Venezuela stymies regime change

By Chris Fry
October 27, 2016


From Argentina to Yemen, from Brazil to Syria, from the Democratic Republic of Korea to Iran, U.S. imperialism has conducted non-stop “regime change” campaigns. These political, economic and often military campaigns are all designed to do one thing: overturn those governments that put up an obstacle to the rapacious greed of U.S. banks and corporations.

For the last 19 years U.S. imperialism has tried to overturn Venezuela’s pro-socialist government now led by President Nicolás Maduro. In 2002 it masterminded a military coup against President Hugo Chávez, whose seizure by rightists sparked a huge popular uprising that stopped the coup leaders and the Pentagon in their tracks. Washington and the Venezuelan rightists have never stopped their subversion.

The latest attempt was a right-wing signature drive for a recall election of President Maduro. An Oct. 21 ruling by the Venezuelan National Electoral Council cancelling the recall for 2016 has stymied U.S. imperialism’s plans. For now. The initial petition drive, the council announced, contained 605,727 irregularities, over 30 percent, including signatures from over 10,000 deceased people. (, Oct. 21)

This is a key setback. It means that even if the recall campaign succeeds next year, the pro-socialist vice president would take over when Maduro would be forced to step down. This would leave progressive forces in office at least until regular elections are held in 2018.

Because presenting false signatures on a petition is a criminal offense, the government has ruled that eight right-wing politicians, responsible for the recall campaign, cannot leave the country.

Frothing at the mouth, the right-wing leaders have gone so far as to press the military to stage a coup. “Hopefully the armed forces will have people respect the constitution,” said Henrique Capriles, head of Justice First and one of the leaders of the rightist MUD (Mesa de la Unidad Democrática) coalition.

Republican Florida Senator Marco Rubio is leading the U.S. charge to overturn the Venezuelan government, promising “concrete consequences” for “violating democratic norms.” (, Oct. 22)

Comparison with U.S. Pinkney case

Right now the Rev. Edward Pinkney rots in a Michigan prison. He was sentenced to up to 10 years because some of the signatures on the recall petitions for Benton Harbor’s mayor contained the wrong dates. Unlike what happened in Venezuela, none of the signatures in Michigan were found to be invalid. And no evidence was presented that Rev. Pinkney had anything to do with discrepancies on the petitions.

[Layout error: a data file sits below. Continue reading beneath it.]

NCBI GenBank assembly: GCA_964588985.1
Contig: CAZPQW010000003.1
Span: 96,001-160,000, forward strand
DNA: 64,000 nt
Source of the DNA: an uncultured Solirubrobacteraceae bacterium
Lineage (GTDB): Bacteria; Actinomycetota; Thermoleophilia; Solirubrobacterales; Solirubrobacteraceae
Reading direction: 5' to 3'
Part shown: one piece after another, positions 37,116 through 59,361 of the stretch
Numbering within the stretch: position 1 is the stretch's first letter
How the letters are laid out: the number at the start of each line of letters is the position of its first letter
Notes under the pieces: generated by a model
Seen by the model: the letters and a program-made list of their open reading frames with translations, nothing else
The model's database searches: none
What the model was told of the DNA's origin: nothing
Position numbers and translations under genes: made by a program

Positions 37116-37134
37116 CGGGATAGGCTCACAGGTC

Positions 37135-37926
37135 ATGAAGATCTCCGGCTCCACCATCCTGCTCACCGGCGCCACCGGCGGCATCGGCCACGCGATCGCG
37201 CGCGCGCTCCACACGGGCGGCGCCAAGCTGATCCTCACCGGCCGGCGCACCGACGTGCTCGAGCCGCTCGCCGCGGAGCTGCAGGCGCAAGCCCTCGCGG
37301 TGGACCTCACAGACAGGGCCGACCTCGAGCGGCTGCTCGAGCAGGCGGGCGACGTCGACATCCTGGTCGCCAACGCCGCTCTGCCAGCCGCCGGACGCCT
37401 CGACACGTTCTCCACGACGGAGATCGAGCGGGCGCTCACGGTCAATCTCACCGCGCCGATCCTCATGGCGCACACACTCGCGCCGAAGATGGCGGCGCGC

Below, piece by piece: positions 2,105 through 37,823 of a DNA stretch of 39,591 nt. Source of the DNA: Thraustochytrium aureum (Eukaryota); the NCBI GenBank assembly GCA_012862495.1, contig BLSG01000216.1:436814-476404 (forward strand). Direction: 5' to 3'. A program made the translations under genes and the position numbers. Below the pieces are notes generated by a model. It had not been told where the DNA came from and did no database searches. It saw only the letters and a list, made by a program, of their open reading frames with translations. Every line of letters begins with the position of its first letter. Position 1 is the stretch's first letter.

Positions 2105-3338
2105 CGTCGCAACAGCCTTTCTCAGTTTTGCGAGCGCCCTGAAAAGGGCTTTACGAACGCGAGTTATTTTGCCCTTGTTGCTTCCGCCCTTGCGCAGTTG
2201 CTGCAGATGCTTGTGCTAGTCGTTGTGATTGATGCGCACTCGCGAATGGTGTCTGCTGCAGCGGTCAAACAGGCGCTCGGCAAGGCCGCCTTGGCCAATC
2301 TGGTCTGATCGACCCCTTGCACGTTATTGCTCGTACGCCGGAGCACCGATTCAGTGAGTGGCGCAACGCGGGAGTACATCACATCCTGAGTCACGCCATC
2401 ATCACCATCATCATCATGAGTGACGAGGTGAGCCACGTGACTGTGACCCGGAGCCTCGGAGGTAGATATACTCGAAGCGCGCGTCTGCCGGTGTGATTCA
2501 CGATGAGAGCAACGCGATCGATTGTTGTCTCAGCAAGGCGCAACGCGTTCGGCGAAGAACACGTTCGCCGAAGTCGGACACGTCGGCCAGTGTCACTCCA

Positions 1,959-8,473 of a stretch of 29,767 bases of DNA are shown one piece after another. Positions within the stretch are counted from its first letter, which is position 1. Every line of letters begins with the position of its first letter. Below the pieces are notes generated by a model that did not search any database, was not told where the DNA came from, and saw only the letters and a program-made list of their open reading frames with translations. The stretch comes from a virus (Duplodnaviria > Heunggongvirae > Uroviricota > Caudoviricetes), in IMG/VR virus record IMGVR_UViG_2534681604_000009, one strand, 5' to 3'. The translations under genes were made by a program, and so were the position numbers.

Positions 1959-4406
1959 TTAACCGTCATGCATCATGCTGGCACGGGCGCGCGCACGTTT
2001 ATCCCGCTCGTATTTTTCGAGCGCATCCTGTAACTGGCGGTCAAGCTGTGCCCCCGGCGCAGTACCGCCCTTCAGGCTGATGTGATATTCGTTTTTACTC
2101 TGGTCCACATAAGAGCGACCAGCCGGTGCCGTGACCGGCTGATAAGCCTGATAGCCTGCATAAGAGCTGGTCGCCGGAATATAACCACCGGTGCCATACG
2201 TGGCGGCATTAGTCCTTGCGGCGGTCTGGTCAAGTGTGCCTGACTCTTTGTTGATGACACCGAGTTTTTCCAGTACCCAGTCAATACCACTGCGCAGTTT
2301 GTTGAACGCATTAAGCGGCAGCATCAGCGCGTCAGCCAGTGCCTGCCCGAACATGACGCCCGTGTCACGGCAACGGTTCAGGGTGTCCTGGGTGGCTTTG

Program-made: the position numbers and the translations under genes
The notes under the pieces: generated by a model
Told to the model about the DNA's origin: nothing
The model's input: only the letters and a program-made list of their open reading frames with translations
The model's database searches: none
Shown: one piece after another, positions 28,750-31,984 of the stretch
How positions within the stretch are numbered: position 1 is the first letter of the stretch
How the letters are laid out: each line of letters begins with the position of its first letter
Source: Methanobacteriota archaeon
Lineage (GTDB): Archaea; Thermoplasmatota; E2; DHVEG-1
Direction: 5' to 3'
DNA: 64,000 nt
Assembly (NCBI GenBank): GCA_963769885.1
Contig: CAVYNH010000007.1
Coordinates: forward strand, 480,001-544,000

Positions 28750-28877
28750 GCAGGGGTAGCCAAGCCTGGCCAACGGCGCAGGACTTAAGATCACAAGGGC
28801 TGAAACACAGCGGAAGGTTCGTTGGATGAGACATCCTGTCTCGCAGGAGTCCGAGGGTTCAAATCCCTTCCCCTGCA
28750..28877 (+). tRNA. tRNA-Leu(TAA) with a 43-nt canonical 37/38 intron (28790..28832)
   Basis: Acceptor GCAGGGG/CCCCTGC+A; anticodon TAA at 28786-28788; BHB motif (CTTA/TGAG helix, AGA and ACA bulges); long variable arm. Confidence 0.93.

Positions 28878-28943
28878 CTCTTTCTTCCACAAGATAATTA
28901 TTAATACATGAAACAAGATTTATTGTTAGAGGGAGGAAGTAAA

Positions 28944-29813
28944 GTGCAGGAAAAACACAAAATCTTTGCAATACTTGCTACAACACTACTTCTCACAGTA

But Rev. Pinkney was standing up to the giant multinational Whirlpool Corporation, which runs the politics and courts in Benton Harbor. He was supporting the oppressed African-American community there. Those were his crimes in the eyes of Wall Street and its minions.

The Bolivarian Revolution in Venezuela has used revenue from the country’s vast oil reserves to fund key social programs that have greatly lifted the living standard of the country’s poor people. Chávez won election after election until he died in 2013.

Venezuelans elected Maduro to a five-year term as president that year. But then the world price of oil collapsed, causing extreme economic problems for Venezuela, including a spike in inflation. The Maduro government has struggled to preserve gains for the workers and poor, including proclaiming a 50 percent pay increase for workers and debit cards with emergency cash for the poorest Venezuelans.

Venezuela’s reactionary capitalists have used the problems, seeing in them an opportunity to further destabilize the country’s economy and government. Factory owners have restricted production and diverted up to 40 percent of needed commodities to illegal street sales and even to other countries. Some organized gangs have been hired to firebomb government buildings and attack government security forces.

In response to the rightist offensive, on Sept. 1 thousands of Venezuelans packed Avenida Bolivar in the capital city of Caracas to support Maduro. The workers and poor have a right to defend their sovereign country from attack by Venezuelan capitalists and the imperialist colossus that stands behind them.